5. hi the Spectator Why legalising cannabis is safer than decriminalising it hate weed. Week after week, I see the tragic effects of this substance and how it destroys the minds of the young. I work on a mental health ward which, like many around the country, is home to some of the victims of our current lackadaisical attitude towards cannabis. This drug is particularly dangerous to the developing brains of young people and yet we know that this age group are the most likely to be experimenting with it. Despite protestations from the powerful pro--cannabis lobby, it has been proved beyond doubt that cannabis use is associated with depression, anxiety, psychosis and avolition (poor motivation). A third of psychosis cases in London are the result of smoking skunk, according to extensive research conducted by Sir Robin Murray, a professor of Psychiatric Research at the Institute of Psychiatry, King’s College London, and an expert in drug-induced psychosis. Another study by Oxford University has shown that weed increases the risk of depression in teenagers by 40 per cent. These studies join hundreds of others which show that, far from being the harmless, benign substance campaigners would have us believe, cannabis is a dangerous, damaging intoxicant that has a profound effect on the structure and function of the brain. Despite all this evidence, Sadiq Khan, the mayor of London, is planning a radical new approach to drugs in the coming months. Instead of prosecution, under-25s in certain boroughs will be offered courses on drug use. He is, in effect, decriminalising cannabis in the capital. In many ways, weed already is decriminalised: London’s streets are filled with its pungent stench. But Khan’s approach is an enormous gamble with the mental health of the capital. Data from our European neighbours offers more insight into the potential pitfalls of this type of policy. Portugal has seen a huge surge in cannabis--induced psychosis since it decriminalised the drug in 2001. The more people who use the drug, the more lives will be ruined by it. But there are other harmful substances — tobacco and alcohol, for example — that are legal and readily available, so is that enough of an argument to ban people from using it? It is a bitter irony that just as society becomes more understanding about mental illness, a drug which is directly responsible for destroying people’s minds is being allowed to become so widespread. Particularly frustrating are the smug, ageing, liberal hippies who claim that, because they’re still here, it must be fine. They look back on their youth spent smoking spliffs with a misplaced nostalgia, entirely failing to realise that not only did plenty of people not make it through unscathed, but also that the cannabis available on the streets today is an entirely different product to what it once was. Super-strong skunk now dominates the market. Khan’s policy is the worst possible way of dealing with this situation. The issue isn’t really the drug itself, but there should only be two options for dealing with it: enforce the law or make the drug legal. Sitting on the fence, as Khan’s policy does, should never be countenanced. If we have lost the war on cannabis, rather than turning a blind eye to its use, we must make it legal, regulate and control it. If Khan is so pro-cannabis, he should lobby the government to legalise it, rather than usher in decriminalisation by the backdoor. By not enforcing the law properly, Khan risks sending a dangerous signal to criminals that the law doesn’t matter and is there to be broken. Youngsters will assume that the lax attitude means that weed is relatively safe. If cannabis is decriminalised, there will be no age restrictions on who can use it. Dealerswill proliferate, the drug will become even more popular, and there will be little any of us can do about it. Compare this with our approach to alcohol or tobacco, which is legalised and therefore has an age limit. If Khan’s policy is brought in, there would be more control on who can buy cigarette papers than cannabis. It is a mad approach. What’s more, his policy would mean endorsing an economy that wreaks utter misery on the poorest, most disenfranchised communities. Criminal gangs will see revenues soar, and other activities related to the cannabis trade will proliferate: gun and knife crime, prostitution, gang violence and people smuggling. Sadiq Khan stands up and announces that black lives matter, yet without any hint of irony pushes through a policy that will encourage a market directly responsible for a disproportionate number of deaths of young black men. Parents gallantly trying to steer their children away from cannabis will be entirely unsupported by the criminal justice system. At least if Khan was calling for legalisation, the type of cannabis being sold could be monitored. The level of potency would be kept in check better, regulations could be placed on its sale and controls enforced around who sells it. I have spent years working in drug services and have always felt that these substances were dangerous and should be illegal. But in recent years, my view has changed slightly. Decriminalisation only makes matters worse. We haven’t lost the war on drugs, because we never really fought it. We have criminalised the addicts, failing to see that their problems are often a response to trauma, dispossession or mental illness. At the same time, we have failed to crack down on the criminals who ensure a ready supply of drugs. Britain has always had a rather mimsy approach to drug use compared with countries such as Singapore. But I don’t want to live in a country like Singapore. I have come to accept that there’s something about human beings that means we seek out intoxicants. We also create markets to meet our urges. When alcohol was illegal, it didn’t stop its use; instead, liquor became increasingly strong and criminal networks flourished. When it was legalised, limits could be put in place, and the criminal networks vanished. Drug use, much like drinking, is here to stay. It would make much more sense to allow certain drugs to be legalised properly. Let’s legalise cannabis, tax it, place restrictions around its sale and add a mental health levy to directly fund treatment for drug-induced psychosis. It pains me to suggest such an idea, but I can’t see another way. Written byMax Pemberton Max Pemberton is a Daily Mail columnist. https://www.spectator.co.uk/article/why-legalising-cannabis-is-safer-than-decriminalising-it Bongme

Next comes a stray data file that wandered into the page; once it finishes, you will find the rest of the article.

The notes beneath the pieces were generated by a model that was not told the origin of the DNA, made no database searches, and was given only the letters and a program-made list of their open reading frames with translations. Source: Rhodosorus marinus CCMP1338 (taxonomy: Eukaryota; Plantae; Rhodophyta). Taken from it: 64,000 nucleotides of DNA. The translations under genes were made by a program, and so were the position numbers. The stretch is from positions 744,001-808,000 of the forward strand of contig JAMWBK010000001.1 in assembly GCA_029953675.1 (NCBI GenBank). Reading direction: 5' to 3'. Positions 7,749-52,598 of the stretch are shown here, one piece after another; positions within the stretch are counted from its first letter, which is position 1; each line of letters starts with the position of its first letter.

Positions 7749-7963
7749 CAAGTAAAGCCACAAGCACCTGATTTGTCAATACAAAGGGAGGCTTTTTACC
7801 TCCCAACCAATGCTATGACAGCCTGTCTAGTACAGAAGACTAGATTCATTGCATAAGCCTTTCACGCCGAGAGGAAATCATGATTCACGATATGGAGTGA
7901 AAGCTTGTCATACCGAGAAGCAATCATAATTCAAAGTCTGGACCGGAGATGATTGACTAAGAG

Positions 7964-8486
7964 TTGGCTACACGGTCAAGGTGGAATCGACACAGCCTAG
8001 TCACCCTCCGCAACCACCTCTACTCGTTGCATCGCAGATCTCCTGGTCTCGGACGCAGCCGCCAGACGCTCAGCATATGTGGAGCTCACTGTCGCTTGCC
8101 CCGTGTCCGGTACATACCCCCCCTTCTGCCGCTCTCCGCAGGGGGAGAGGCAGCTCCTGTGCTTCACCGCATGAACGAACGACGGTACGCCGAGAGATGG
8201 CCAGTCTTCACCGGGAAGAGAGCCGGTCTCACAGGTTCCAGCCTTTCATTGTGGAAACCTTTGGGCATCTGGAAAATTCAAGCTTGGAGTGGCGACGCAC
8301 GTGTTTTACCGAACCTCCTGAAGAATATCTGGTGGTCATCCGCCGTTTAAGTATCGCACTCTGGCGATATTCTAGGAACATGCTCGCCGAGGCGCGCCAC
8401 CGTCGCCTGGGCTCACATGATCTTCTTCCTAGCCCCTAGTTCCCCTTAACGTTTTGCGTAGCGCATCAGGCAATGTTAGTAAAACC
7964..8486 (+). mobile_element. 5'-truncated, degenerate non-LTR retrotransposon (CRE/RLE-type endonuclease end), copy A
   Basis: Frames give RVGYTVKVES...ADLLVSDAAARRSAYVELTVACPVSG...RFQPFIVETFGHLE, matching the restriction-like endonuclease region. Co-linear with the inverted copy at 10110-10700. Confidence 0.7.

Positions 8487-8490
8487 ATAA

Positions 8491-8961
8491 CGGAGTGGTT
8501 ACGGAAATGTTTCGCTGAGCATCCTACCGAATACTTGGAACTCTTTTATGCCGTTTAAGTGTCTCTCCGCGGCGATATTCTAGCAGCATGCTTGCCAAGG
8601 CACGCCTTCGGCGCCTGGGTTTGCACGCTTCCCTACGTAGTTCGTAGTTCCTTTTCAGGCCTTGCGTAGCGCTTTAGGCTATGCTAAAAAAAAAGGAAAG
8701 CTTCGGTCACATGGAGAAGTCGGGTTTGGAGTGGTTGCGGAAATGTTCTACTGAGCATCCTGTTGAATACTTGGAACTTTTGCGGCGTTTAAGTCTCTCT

6. Hi Cannabis: Steve Moore on the problems that arise from the legalisation of cannabis Jon Smith discusses the benefits and legalisation of cannabis Cannabis: Drug causes up to a third of psychosis cases in London says report, expert reacts Bongme